Just days before the start of the season, 6-foot-6 junior wing Andrew Smeathers announced his decision to leave Butler at the end of the fall semester. Having played an average of just four minutes per game in two seasons at the school, Smeathers made the decision based upon his desire for more playing time.
On Thursday it was first reported by Jon Rothstein of CBS Sports that Smeathers has decided to transfer to Mount St. Mary’s. Smeathers averaged 1.5 points per game as a Bulldog, with his most productive outing being a 17-point night in a win over Oakland City during his freshman season. If looking solely at games against Division I competition, Smeathers scored eight points in a loss at Detroit in January 2012.
Smeathers joins a program that will lose three perimeter players at the end of the current season in Julian Norfleet, Sam Prescott and Rashad Whack, with those three players being the Mountaineers’ leading scorers. Norfleet currently ranks third in the Northeast Conference in scoring with an average of 18.6 points per game and second in assists (5.4 apg) with Whack’s 14.6 ppg ranking ninth. Prescott’s currently averaging 9.6 points and 4.9 rebounds per contest.
Smeathers joins a five-member recruiting class that includes guard Lamont Robinson and four front court players. Normally a transfer at the end of the fall semester would result in a player having to sit out until the end of the fall semester in the next academic year. But with Georgetown center Joshua Smith receiving a waiver to play immediately after he played in six games at UCLA last season, it may be worthwhile to apply for a waiver especially when considering the fact that Smeathers hasn’t played at all this season.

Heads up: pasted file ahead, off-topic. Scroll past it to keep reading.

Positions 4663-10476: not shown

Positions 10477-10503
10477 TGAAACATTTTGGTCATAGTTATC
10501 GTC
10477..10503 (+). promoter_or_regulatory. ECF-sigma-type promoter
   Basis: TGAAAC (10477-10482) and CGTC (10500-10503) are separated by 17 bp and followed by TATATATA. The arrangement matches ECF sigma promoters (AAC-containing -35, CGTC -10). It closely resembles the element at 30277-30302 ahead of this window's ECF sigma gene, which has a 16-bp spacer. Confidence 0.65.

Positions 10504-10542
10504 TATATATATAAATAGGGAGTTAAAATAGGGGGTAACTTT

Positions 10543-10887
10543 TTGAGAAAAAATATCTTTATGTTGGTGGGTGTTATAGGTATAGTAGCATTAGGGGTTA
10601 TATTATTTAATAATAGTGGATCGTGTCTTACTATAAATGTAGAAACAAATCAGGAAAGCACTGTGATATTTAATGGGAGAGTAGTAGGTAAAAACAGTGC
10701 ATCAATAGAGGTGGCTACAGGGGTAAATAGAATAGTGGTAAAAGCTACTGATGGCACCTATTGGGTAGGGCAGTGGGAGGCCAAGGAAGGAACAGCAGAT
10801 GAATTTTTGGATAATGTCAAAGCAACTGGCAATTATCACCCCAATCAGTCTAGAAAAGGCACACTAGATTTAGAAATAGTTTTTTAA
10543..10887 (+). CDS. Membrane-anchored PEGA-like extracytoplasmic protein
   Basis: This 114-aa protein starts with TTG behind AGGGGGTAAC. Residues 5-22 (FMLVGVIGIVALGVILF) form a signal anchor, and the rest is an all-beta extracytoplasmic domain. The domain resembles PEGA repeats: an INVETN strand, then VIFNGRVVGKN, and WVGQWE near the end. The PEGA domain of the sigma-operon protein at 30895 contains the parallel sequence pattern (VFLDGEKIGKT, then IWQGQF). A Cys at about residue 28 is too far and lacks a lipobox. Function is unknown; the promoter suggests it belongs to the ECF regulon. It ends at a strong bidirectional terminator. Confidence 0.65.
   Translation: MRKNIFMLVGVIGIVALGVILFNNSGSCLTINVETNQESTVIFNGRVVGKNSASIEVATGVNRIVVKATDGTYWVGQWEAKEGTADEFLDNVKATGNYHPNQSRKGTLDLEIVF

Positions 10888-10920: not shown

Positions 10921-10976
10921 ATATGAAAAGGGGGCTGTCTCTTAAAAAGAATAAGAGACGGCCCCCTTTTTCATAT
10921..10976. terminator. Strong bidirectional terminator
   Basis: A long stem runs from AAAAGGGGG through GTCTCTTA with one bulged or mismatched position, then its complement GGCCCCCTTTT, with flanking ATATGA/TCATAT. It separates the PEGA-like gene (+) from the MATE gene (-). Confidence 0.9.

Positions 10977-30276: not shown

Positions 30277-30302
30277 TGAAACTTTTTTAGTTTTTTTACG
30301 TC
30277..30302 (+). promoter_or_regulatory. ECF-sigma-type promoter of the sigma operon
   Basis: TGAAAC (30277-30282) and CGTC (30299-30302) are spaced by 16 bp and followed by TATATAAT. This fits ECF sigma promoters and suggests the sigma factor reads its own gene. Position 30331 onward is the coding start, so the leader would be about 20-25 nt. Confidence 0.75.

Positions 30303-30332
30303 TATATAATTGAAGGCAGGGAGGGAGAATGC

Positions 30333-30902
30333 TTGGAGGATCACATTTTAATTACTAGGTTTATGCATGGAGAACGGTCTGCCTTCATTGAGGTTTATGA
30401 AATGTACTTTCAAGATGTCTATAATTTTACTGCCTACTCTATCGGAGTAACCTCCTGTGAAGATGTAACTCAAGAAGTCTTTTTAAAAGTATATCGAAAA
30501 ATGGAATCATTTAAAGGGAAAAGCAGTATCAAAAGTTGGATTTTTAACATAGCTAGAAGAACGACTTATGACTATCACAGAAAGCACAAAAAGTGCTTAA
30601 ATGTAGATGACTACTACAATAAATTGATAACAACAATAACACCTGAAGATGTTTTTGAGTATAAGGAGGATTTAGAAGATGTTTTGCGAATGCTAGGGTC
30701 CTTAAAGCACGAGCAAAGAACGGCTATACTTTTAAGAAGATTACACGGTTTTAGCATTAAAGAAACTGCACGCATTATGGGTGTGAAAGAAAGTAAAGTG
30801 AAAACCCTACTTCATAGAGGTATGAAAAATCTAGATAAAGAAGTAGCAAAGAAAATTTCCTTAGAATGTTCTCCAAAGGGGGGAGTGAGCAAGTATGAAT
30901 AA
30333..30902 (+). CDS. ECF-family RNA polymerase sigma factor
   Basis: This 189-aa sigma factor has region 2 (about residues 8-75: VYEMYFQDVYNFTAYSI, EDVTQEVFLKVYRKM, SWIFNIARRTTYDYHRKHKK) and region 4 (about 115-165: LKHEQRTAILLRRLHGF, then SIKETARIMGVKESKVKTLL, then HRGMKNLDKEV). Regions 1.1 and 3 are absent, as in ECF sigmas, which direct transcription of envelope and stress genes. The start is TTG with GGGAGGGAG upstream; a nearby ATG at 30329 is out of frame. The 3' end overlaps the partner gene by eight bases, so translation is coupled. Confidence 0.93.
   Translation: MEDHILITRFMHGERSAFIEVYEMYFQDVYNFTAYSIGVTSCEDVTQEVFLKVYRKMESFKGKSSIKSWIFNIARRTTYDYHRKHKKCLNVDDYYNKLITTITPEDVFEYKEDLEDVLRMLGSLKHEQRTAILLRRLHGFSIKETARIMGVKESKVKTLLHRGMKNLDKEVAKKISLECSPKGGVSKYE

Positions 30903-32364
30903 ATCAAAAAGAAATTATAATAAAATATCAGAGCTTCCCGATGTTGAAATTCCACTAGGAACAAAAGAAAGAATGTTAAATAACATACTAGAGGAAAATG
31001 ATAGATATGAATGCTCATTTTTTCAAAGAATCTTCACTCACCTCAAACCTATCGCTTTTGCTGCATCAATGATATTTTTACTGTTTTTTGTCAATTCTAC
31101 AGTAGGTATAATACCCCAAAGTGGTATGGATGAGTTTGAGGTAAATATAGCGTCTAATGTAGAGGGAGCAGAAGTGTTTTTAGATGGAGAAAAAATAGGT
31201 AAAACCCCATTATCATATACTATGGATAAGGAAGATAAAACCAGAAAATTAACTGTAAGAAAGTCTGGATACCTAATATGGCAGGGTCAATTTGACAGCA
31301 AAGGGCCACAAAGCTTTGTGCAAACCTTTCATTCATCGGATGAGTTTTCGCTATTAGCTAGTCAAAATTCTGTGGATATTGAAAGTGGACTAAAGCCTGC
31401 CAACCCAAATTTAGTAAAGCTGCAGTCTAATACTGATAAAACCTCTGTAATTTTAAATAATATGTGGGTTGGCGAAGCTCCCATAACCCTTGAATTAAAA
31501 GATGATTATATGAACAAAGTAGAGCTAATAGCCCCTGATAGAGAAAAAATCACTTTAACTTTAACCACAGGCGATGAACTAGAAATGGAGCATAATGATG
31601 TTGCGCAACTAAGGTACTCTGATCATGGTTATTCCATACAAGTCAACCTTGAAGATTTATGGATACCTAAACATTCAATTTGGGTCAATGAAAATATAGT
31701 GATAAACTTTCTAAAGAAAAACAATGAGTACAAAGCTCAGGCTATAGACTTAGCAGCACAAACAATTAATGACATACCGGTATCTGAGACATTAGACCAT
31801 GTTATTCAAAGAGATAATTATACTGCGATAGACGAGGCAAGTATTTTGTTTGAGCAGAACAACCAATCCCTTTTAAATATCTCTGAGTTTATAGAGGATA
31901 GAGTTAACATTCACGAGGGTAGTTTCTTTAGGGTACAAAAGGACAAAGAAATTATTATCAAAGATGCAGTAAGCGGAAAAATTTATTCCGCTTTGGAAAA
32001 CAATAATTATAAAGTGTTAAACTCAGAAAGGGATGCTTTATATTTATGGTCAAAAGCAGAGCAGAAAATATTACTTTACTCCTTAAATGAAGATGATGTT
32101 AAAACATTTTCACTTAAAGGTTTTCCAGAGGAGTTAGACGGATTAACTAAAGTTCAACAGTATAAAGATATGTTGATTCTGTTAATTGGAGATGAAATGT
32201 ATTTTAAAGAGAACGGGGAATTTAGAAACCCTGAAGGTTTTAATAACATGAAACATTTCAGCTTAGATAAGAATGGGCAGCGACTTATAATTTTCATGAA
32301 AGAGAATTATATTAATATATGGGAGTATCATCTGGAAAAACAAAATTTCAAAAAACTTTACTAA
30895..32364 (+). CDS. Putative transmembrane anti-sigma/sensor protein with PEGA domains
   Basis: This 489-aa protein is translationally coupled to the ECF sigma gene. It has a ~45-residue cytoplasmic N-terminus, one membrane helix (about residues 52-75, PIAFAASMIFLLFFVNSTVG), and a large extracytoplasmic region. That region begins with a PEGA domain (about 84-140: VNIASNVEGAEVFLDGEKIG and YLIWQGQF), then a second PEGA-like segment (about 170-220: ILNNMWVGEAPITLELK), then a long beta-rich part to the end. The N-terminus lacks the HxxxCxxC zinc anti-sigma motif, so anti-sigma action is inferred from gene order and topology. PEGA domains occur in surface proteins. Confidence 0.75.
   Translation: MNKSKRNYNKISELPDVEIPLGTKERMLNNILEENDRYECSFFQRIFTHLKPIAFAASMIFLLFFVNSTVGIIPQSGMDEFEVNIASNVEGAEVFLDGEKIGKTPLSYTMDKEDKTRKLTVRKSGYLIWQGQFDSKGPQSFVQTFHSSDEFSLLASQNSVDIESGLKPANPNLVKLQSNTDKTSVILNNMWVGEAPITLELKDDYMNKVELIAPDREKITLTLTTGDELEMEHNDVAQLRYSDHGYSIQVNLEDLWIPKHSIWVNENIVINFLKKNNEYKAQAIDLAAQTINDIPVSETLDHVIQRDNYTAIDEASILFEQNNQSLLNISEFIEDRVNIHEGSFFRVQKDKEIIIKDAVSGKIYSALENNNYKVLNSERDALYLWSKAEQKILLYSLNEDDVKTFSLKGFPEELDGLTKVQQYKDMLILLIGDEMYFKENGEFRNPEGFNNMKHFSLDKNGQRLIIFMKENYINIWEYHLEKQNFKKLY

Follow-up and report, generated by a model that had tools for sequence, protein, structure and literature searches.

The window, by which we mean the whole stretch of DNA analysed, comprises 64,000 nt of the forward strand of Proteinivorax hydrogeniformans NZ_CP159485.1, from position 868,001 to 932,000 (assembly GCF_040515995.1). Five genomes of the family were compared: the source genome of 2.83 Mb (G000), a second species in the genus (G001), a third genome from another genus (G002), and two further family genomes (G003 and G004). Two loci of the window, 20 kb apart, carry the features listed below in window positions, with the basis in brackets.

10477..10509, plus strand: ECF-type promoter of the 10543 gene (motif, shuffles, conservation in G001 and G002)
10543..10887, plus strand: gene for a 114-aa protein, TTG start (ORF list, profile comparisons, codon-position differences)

If that’s the path Mount St. Mary’s head coach Jamion Christian and his staff consider pursuing, it will be an interesting case to keep an eye on.
The 6-foot-3 guard averaged 10.3 points per game, while shooting 42 percent from three, as a freshman. He, along with Malcolm Hill and Michael Thorne Jr., is one of three returning players who averaged double figures last season.
This could prove to be a make-or-break year for John Groce, who enters his fifth season at the helm. He guided the Illini to an NCAA Tournament in his first season, but hasn’t been back since.
The key for the Illini is health. Abrams gives them experience and leadership, but it won’t be a surprise if there’s some rust in his game after spending the past two seasons on the sideline. Having a healthy Coleman-Lands will help stabilize the backcourt, while Hill, an all-conference caliber forward, and Thorne anchor the frontcourt.
Like Alkins, Jones was a sought-after scorer. The 6-foot-4 two-guard was rated No. 69 overall in the Class of 2016 by Rivals. He picked Indiana over offers from Cal, Cincinnati, Georgetown and more than a dozen other high-major programs.
Jeter, the 6-foot-10, played in a reserve role as a freshman, averaging 1.9 points and 1.9 rebounds per game last season. He will be part of a loaded frontline that includes heralded freshmen Harry Giles and Marques Bolden, as well as redshirt senior Amile Jefferson, who returns to the lineup following a foot injury.
The greatest player in Auburn program history will honored with a statue outside of the team’s home arena.
The university announced that Charles Barkley, the Naismith Memorial Basketball Hall of Famer, will be the fourth athlete to be given a statue, joining Heisman Trophy winners Bo Jackson, Pat Sullivan and Cam Newton.
“It just means a great deal to me,” Barkley said in a statement. “Being a kid from Alabama, going to Auburn. I think everybody knows what Auburn means to me. It’s going to be pretty cool.”
Barkley, currently working as an analyst for TNT, was the SEC Player of the Year in 1984, as well as a second team All-American. He averaged 14.1 points and 9.6 rebounds per game in 84 appearances for the Tigers.